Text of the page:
An attentive audience filled Victory Life Church Tuesday night to hear candidates in the Brown County Republican Party primary election make their cases.

A total of 15 candidates in three contested races — 11th Congressional District, Texas House District 60 and 11th Court of Appeals Place 2 justice — spoke at the forum, which was hosted by the Brown County Republican Party. Early voting in the March 3 primary election begins Feb. 18 and ends Feb. 28.

Candidates gave introductory comments, and all but the appellate court justice candidates answered questions compiled by a committee of the Brown County Republican Party.

Questions were not submitted to the justice candidates because they are prohibited from making campaign promises and stating how they would rule on issues, Brown County Republican Party Chairman Robert Porter said.

Nine of the 10 candidates running for the seat being vacated by U.S. Rep. Mike Conaway’s seat in the 11th Congressional District were present. Gene Barber was not present.

The congressional candidates were asked a single question: what sets each one apart from the others?

Those attending were:

• Brandon Batch, a business developer from Midland

• Jamie Berryhill, a business owner from Odessa

• J.D. Faircloth, a certified public accountant from Midland

• J. Ross Lacy, a businessman from Midland

• August Pfluger, a former Air Force fighter pilot from San Angelo and an Air Force reservist who founded an energy investment company

• Robert Tucker, a retired pastor, business owner and military veteran from Comanche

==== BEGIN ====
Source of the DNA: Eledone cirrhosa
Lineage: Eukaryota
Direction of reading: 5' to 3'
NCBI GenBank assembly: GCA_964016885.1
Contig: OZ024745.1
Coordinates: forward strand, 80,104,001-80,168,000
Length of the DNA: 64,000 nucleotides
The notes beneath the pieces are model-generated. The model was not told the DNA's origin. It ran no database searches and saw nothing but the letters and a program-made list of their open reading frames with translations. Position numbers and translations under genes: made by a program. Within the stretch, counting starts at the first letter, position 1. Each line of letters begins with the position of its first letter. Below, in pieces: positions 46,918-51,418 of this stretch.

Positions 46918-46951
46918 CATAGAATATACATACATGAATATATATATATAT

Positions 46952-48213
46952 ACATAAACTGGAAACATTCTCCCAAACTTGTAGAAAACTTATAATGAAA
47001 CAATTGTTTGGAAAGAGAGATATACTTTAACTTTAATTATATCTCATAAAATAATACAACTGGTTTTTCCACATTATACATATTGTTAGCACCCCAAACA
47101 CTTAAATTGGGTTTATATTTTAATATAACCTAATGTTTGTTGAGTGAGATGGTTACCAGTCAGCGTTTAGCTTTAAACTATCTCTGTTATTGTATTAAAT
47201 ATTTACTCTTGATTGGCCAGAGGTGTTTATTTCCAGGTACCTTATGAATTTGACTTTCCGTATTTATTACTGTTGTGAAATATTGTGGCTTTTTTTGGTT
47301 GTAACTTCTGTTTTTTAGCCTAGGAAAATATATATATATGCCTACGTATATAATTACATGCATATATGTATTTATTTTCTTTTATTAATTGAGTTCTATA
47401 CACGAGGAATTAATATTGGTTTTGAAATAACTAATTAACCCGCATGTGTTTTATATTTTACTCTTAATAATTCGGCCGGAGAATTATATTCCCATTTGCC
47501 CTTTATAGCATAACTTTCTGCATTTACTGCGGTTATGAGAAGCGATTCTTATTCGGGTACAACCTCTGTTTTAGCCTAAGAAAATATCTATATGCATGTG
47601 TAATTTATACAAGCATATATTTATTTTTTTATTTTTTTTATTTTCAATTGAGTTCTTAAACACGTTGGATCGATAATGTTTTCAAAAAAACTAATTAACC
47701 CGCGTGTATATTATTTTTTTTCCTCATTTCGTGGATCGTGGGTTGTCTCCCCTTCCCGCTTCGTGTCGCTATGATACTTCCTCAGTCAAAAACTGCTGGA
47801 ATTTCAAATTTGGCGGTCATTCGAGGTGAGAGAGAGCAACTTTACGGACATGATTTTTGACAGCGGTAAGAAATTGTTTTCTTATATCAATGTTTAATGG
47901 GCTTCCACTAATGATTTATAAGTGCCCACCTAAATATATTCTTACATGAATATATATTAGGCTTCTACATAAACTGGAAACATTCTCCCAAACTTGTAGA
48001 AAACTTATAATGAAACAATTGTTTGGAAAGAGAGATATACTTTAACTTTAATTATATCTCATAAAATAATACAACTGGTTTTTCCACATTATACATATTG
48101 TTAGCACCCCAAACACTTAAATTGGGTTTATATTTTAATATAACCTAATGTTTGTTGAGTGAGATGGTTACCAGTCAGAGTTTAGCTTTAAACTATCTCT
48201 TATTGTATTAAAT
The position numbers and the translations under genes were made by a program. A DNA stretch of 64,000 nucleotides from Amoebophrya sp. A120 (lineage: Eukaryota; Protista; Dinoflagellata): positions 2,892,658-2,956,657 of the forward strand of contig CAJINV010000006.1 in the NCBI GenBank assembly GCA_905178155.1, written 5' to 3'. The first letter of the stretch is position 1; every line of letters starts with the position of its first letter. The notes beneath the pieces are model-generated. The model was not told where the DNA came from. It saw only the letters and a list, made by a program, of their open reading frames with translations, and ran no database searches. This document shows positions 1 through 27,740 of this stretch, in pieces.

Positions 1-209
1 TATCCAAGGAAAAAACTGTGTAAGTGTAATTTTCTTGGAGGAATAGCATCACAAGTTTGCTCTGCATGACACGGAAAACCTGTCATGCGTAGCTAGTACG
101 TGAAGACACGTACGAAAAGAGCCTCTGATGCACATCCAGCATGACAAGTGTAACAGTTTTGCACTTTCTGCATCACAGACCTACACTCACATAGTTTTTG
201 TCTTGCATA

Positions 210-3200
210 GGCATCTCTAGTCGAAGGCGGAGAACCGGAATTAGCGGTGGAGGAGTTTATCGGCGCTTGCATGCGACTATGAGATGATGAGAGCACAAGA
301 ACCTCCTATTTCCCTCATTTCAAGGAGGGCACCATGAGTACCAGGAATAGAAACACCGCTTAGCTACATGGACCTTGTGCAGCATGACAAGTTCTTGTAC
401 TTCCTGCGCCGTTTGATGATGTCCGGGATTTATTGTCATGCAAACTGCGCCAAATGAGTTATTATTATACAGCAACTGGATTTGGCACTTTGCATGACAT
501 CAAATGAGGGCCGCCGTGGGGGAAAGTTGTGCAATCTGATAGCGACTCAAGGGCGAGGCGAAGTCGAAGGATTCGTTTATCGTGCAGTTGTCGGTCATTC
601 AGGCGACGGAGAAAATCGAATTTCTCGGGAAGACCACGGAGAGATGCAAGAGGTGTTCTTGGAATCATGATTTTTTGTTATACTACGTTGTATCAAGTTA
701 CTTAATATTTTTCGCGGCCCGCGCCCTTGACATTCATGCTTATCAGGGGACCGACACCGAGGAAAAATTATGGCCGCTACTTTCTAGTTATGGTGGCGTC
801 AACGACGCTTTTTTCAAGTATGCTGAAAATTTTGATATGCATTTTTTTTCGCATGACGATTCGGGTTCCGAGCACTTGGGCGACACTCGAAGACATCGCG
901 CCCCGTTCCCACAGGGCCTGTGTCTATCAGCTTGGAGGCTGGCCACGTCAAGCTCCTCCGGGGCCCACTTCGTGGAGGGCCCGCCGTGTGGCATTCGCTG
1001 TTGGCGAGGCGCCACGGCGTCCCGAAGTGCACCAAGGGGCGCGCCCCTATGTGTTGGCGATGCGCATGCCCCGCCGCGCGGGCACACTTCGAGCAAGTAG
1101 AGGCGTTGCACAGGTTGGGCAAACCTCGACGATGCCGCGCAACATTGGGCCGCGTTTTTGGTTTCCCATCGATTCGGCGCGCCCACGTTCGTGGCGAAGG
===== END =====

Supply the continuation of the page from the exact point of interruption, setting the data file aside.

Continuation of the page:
• Wesley Virdell, a small business owner and Air Force veteran from Brady

• Ned Luscombe, a registered nurse from Midland

• Casey Gray, a veteran, former CIA employee and veteran advocate from Odessa

 

Brandon Batch

Batch previously worked for another Texas congressman, Michael McCaul, holding jobs including senior policy adviser. In that position, Batch helped draft, introduce and implement the legislation coming out of McCaul’s office.

“So I’ve seen how Washington works,” Batch said. “I understand why it’s not working and I want to go back and fix some of the things that really bothered me which caused me to leave.”

“I am pro life, pro Second Amendment, believe in a strong border. In short, I’m experienced. I’m the only candidate that’s ever worked in congress. I’m the only candidate that can say I can legitimately hit the ground running on day one.

Batch said he can “help broaden the Republican umbrella, reach out to different demographics, explain to them what it means to become Republican and get them to become Republican.”

Batch said he wants to highlight his experience. “As a senior policy adviser I advised the congressman on everything from his foreign policy to his defense policy, energy, trade and agriculture," Batch said. "And I was a successful policy adviser in that regard. A lot of candidates talk about what they’re going to do. I would love to have a conversation with you about what I’ve already done.”

 

Jamie Berryhill

“We are living in a critical hour,” Berryhill said. “What we truly have is a battle, a war between light and dark and if we do not make the right choices today, we’re not going to have the freedom to make the choices.

“For the past 47 yeas I have been operating businesses, creating jobs. Thirty-seven years ago the Lord got my attention and I have spent this time developing a working relationship with the God that our founding forefathers acknowledged four times in the Declaration of Independence."